“This is nicer than your place,” Gallowglass said. She was sprawled out on a crimson chesterfield, arms hanging over the back of the sofa, her cap tipped back.

“Our place, I think,” St. Cyprian said, sitting nearby, “given that you’ve been staying there, rent-free, for close to three years now.” Vordenburg had invited them back to his flat, which had proven to be close to hand. Suspiciously close, one might have thought, if one were of a suspicious frame of mind, which St. Cyprian was resolutely trying not to be, given the fact that Vordenburg had saved his life.

“How can I pay rent, if you don’t pay me?” she shot back.

“One assumes you would simply steal the appropriate amount from my wallet, as you do any time you find yourself in need of funds,” St. Cyprian replied. Vordenburg’s flat was small, but decorated lavishly, as if the owner wished to hide the fact that he was living on a pittance. Aside from the furniture, and the thick Persian rugs scattered across the hardwood floors, there were the heavy, handcrafted bookshelves which lined two walls. These were sagging from the weight of the books stacked haphazardly on them.

St. Cyprian recognized a few of the titles there…Magia Posthuma, Phlegon de Mirabilius, and Harenberg’s Philosophicae et Christianae Cogitationes de Vampiris. There was also a much-thumbed copy of Calmet’s Traite sur les Apparitions des Espirits et sur les Vampires, ou les Revenans de Hongrie, de Moravie, which his fingers itched to flip through, though he’d read it before. It was quite the library, though narrowly focused.

Vordenburg was in the kitchen, brewing a pot of coffee. As he set the pot to percolating, he stepped out of the kitchen and leaned against the door frame. “I had heard that the War saw a new Royal Occultist take up his duties,” he said, without preamble.

St. Cyprian frowned. “Know a lot about it, then?”

Vordenburg smiled genially. “Some. My family performed much the same function for the Habsburgs, when they ruled my native Styria. The British are not the only empire to employ our sort. The Vordenburgs have ever protected the Austro-Hungarian Empire, and the Holy Roman Empire before it, from the depredations of the Pit.”

St. Cyprian sat back. He’d met more than a few of his counterparts from across the Channel, and not always under the friendliest of circumstances. The French, the Germans, the Russians…they all had their own pet sorcerers and consulting occultists. “Though I do wonder why you’re on my patch, old thing,” he said, after a moment. “Normally, visiting professional peers send a telegram, at least, to let the local expert, so to speak, know when they’re coming on business.”

“Regrettably, I am not here on business, so much as I am in exile,” Vordenburg said. He gestured airily. “My beloved Styria is no more, ruined by the War and divvied up by the victors.” His voice turned bitter. “That which I once fought for is now gone. I have become a vagabond, wandering from one berth to the next, with only my greater purpose to sustain me.” He motioned to the books. “I have been in Piccadilly for some few months now. Before that, I was in Paris, and before that, Florence.” As he gestured, St. Cyprian caught sight of a crucifix tattooed on his inner wrist, extending down from the base of his palm.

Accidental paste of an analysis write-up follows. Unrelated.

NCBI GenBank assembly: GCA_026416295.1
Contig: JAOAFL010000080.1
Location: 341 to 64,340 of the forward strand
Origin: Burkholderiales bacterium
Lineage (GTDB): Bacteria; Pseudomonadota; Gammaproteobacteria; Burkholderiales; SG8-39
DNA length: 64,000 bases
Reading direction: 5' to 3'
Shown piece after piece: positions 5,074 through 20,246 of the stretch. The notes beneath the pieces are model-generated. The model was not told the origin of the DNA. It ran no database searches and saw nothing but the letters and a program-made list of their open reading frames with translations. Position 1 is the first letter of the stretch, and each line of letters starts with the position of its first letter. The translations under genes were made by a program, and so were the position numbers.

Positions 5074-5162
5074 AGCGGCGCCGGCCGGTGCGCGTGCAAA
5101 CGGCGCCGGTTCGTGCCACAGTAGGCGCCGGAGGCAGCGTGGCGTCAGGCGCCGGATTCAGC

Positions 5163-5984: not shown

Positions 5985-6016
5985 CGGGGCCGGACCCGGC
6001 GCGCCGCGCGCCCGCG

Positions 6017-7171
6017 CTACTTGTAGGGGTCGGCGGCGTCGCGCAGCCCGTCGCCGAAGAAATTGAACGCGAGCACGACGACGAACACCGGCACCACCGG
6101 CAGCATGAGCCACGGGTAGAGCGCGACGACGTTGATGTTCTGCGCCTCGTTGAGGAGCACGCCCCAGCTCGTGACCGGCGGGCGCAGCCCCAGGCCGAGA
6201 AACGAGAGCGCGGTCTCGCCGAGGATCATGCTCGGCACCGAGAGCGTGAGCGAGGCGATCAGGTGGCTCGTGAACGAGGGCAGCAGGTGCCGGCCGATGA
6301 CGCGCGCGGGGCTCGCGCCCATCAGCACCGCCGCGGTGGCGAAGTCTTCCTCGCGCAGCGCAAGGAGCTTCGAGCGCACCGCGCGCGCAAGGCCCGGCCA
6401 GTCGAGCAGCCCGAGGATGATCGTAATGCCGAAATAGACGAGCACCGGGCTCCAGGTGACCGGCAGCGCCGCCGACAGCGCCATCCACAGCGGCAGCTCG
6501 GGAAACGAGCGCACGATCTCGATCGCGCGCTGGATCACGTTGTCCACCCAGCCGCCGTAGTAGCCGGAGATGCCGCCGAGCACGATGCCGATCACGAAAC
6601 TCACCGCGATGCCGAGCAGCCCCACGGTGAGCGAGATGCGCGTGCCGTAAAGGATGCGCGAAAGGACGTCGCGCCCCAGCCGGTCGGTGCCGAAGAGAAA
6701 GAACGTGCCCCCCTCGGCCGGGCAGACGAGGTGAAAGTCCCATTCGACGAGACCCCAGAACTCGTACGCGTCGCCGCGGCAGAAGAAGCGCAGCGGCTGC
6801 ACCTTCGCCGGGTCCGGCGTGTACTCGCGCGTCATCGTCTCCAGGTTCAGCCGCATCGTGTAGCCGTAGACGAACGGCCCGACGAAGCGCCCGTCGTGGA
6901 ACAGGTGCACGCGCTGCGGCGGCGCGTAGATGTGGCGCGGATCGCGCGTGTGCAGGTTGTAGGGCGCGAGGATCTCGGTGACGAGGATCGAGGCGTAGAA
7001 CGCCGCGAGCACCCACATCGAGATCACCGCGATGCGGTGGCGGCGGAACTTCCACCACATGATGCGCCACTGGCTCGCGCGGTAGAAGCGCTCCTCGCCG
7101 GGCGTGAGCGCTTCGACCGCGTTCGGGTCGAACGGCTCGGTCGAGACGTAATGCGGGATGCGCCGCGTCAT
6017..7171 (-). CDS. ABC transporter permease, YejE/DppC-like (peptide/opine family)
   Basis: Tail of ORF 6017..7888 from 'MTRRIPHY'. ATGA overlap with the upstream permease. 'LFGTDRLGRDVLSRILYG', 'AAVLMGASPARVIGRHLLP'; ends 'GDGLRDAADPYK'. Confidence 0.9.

“And that purpose is?”

“Is it not obvious, Mr. St. Cyprian?” Vordenburg swept a hand out. “I kill vampires. With Styria’s decline, I have…broadened my scope. Once taken up, the sword cannot be so easily put down.” He smiled sadly. “I flatter myself to think that there is yet need for a man such as myself in this fallen world.” He shrugged. “So, I hunt the vyrdulak and worse things besides, wherever they choose to rise up.”

“Call me Charles, please,” St. Cyprian said. Despite his initial suspicion, he was warming to Vordenburg. For all that they’d fought on opposite sides in the War, they were on the same side now, against something more monstrous than an overly-ambitious Kaiser.

Vordenburg smiled briefly, obviously pleased. St. Cyprian wondered if he’d expected a different reaction. Perhaps that was why he hadn’t made any effort to announce himself when he’d arrived in London. Then, perhaps it was as simple as the fact that the empire Vordenburg had served was no longer in existence. The Baron obviously considered himself a free agent, these days. Gallowglass coughed, interrupting his train of thought.

“And this is Ms. Gallowglass, my apprentice, whom you’ve already met.” St. Cyprian gestured to Gallowglass.

“Assistant,” Gallowglass said, automatically. She smiled thinly at Vordenburg, who inclined his head. Her smile went flat and sharp. “You don’t have an assistant, do you?” she asked. Vordenburg laughed.

“My family dispensed with the practice. Ours is a sacred trust, handed down from parent to child, be they son, daughter, mother or father. Alas, I have no children as yet, and thus…I am alone.” His smile faded. “Perhaps it is better that way.”

The pot whistled, signalLing that the coffee was brewed. Vordenburg turned crisply on his heel and went to retrieve it. St. Cyprian looked at Gallowglass, and then said, “One can only assume, then, that you were on that roof for the same reasons we were, what?”

“Indeed,” Vordenburg said. “I have an acquaintance—a surgeon—who works at Charing Cross Hospital. He often alerts me to—ah—curious cases, such as this one. He mentioned the strange marks, the loss of blood, and I came to the obvious conclusions. As you yourself did, I presume.”

“Yes,” St. Cyprian said. “Definitely a vampire.”